Green Street Hooligans

Reviewed By Scott Weinberg
Posted 03/20/05 09:51:48

"Remind me NEVER to visit a football match in the UK!"
4 stars (Worth A Look)

SCREENED AT THE 2005 SXSW FILM FESTIVAL: Not long ago I saw a pretty solid Brit flick entitled "The Football Factory." It's a look into the world of UK football hooliganism, and while I found the subject matter pretty damn fascinating, I felt the movie lacked that personal edge that separates great films from the pretty good ones. Fortunately there's another new film that broaches the same subject - one that brings some real humanity to such anarchic subject material. "Hooligans" recently won several awards at the 2005 SXSW Film Festival, and I've no trouble understanding why.

Raised in the lovely American town of Philadelphia, Pennsylvania, I was taught that OUR sports fans were among the most vocal, the most passionate, and (occasionally) the most ornery sports fans in the country. Well, that may be true, but after seeing what goes on in Lexi Alexander's smoothly entertaining Hooligans - I'm beginning to think that even the most hardcore American sports fans have nothing on our friends across the pond. The UK football fans can reach levels of physical insanity generally unseen outside of riots, fires or earthquakes.

I suppose it's the inherent passion for the local team, combined with each small town's close proximity to one another, that allows UK football hooliganism to thrive. But thrive it does, and woe is the non-brawler who happens to show up at the wrong football match on the wrong afternoon. Stripped down to its barest essence, 'hooliganism' is what happens when fans of Team A meet up with fans of Team B...and then beat the absolute crap out of each other in the streets. Clearly this is an activity for the angry young men, but it tends to plaster a few black eyes onto entire communities every weekend.

Devotion and passion for one's hometown team is, indeed, an entertaining and admirable thing to see, but these young football fans take it to a degree that's just horrifying.

Young Matt Buckner is about to graduate from Harvard when he chooses to take a fall for his roommate. Summarily expelled for a nasty drug habit that's not even his, Matt hightails it over to England, where he hopes to spend some quiet decompression time with his big sister. It only takes about 45 seconds before Matt is knee-deep in the "hooligan culture," as he strikes up a quick friendship with a charming ruffian called Pete.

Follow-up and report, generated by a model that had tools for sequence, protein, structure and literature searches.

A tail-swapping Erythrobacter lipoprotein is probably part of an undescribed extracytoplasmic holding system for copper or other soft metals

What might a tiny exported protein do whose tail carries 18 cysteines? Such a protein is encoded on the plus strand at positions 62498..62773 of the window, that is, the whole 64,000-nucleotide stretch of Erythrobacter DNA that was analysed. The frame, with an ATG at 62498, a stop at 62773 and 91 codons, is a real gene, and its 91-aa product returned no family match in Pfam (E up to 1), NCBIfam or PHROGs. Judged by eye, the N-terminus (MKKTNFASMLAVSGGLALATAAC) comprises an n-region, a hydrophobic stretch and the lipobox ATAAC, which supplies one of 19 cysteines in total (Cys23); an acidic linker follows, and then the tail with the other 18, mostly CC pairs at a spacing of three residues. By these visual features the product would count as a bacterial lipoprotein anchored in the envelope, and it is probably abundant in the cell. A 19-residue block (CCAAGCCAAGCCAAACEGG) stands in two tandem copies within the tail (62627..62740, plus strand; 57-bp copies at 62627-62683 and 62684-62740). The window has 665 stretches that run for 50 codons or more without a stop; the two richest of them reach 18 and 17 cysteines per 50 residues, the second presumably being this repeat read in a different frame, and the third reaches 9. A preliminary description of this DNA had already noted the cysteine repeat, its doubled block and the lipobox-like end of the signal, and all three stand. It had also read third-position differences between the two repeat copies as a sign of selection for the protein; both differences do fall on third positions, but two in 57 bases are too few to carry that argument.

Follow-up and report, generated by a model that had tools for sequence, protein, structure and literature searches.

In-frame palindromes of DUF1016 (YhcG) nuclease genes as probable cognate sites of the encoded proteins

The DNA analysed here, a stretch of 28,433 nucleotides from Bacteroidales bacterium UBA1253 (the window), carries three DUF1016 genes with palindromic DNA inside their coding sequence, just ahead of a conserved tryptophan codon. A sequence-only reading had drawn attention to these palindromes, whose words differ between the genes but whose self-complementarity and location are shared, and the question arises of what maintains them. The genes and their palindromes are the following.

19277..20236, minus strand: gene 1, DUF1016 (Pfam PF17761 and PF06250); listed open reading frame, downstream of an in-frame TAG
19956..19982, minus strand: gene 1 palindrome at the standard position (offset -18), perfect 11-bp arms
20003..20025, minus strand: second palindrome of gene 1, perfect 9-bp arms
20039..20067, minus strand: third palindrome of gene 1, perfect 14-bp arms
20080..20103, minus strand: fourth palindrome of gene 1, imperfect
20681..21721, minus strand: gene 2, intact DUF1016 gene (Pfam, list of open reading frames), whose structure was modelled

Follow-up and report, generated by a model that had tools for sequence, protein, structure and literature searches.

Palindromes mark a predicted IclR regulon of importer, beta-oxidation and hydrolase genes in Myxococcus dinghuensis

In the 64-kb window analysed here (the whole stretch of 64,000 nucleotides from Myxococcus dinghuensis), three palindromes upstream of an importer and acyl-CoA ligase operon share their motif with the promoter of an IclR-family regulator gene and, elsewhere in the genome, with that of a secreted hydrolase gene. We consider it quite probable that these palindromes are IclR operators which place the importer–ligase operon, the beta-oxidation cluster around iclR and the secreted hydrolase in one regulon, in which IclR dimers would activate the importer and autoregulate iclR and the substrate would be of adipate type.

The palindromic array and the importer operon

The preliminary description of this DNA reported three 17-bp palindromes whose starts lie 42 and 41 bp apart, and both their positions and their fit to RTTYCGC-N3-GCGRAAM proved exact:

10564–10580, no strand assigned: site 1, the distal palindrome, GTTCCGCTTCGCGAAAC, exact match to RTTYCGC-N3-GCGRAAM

Pete's mates don't take to the Yank right away, but Matt proves his mettle during an alleyway brawl, and boom - he's one of the gang. Matt is so quietly thrilled with his loyal new pals that he ignores the basic common sense that says "Hey, bare-knuckled alleyway brawls are not exactly conducive to a healthy lifestyle." But the comradeship and constant adrenalin rush work as their own narcotic, and Matt's more than happy to join in the fray.

And then things turn really ugly...

So while I was enjoying the heck out of Hooligans, I found myself wondering what made this flick a marked improvement over The Football Factory. And one of the answers I came up with was: Elijah Wood and Charlie Hunnam.

If you're looking for an actor to capture youthful idealism mixed with tentative insecurity, then Elijah Wood should be atop your list. Sure, it might take a few minutes before you can stop seeing Mr. Wood as "good ol' Frodo," but this actor's got real chops, and he absolutely deserves to be seen as more than just Hobbit-like. He's the heart, the soul, and the anchor of Hooligans and Wood just nails his role in scene after scene.

And even better than Wood's performance is that of Charlie Hunnam as Pete; at first glance his character seems like little more than an irredeemable thug, a posturing tough guy who lives to humiliate and belittle. But as Hooligans goes on, you'll find yourself absolutely hypnotized by Hunnam's performance. He's equal parts ignorant, loyal, scary, charming, confused and fragile. Perhaps best known from his excellent work in the criminally underrated Nicholas Nickleby adaptation from a few years back, this Charlie Hunnam kid is absolutely poised to become a huge star. And soon.

There's great support work all around; Claire Forlani (a British actress playing an American living in Great Britain) delivers some of her best work in years; her husband is played by Marc Warren, and this is another new face who absolutely owns the screen. In only a few scenes Warren is able to make you care deeply for his (admittedly flawed) character, and this helps to make the peripheral subplots just as compelling as are the non-stop fisticuffs.

One of Hooligans best perspectives comes in relation to the numerous fight scenes. First-time director Lexi Alexander takes great pains to make sure that the brawls are cinematically exciting - while never allowing the mayhem to seem too flashy or appealing. That's a really tough balance to strike, and to the director's credit, you certainly won't walk out of Hooligans trolling the alleys, itchin' for a fight.

I'm not exactly sure how well "Hooligans" will succeed here in the States, as we're generally not all that interested in sports stories that aren't A) our own, or B) littered with ponderous cliché. But the movie works resoundingly well as a spotlight onto another country's sports-obsessed culture, plus it's just a damn well-made piece of storytelling, period.

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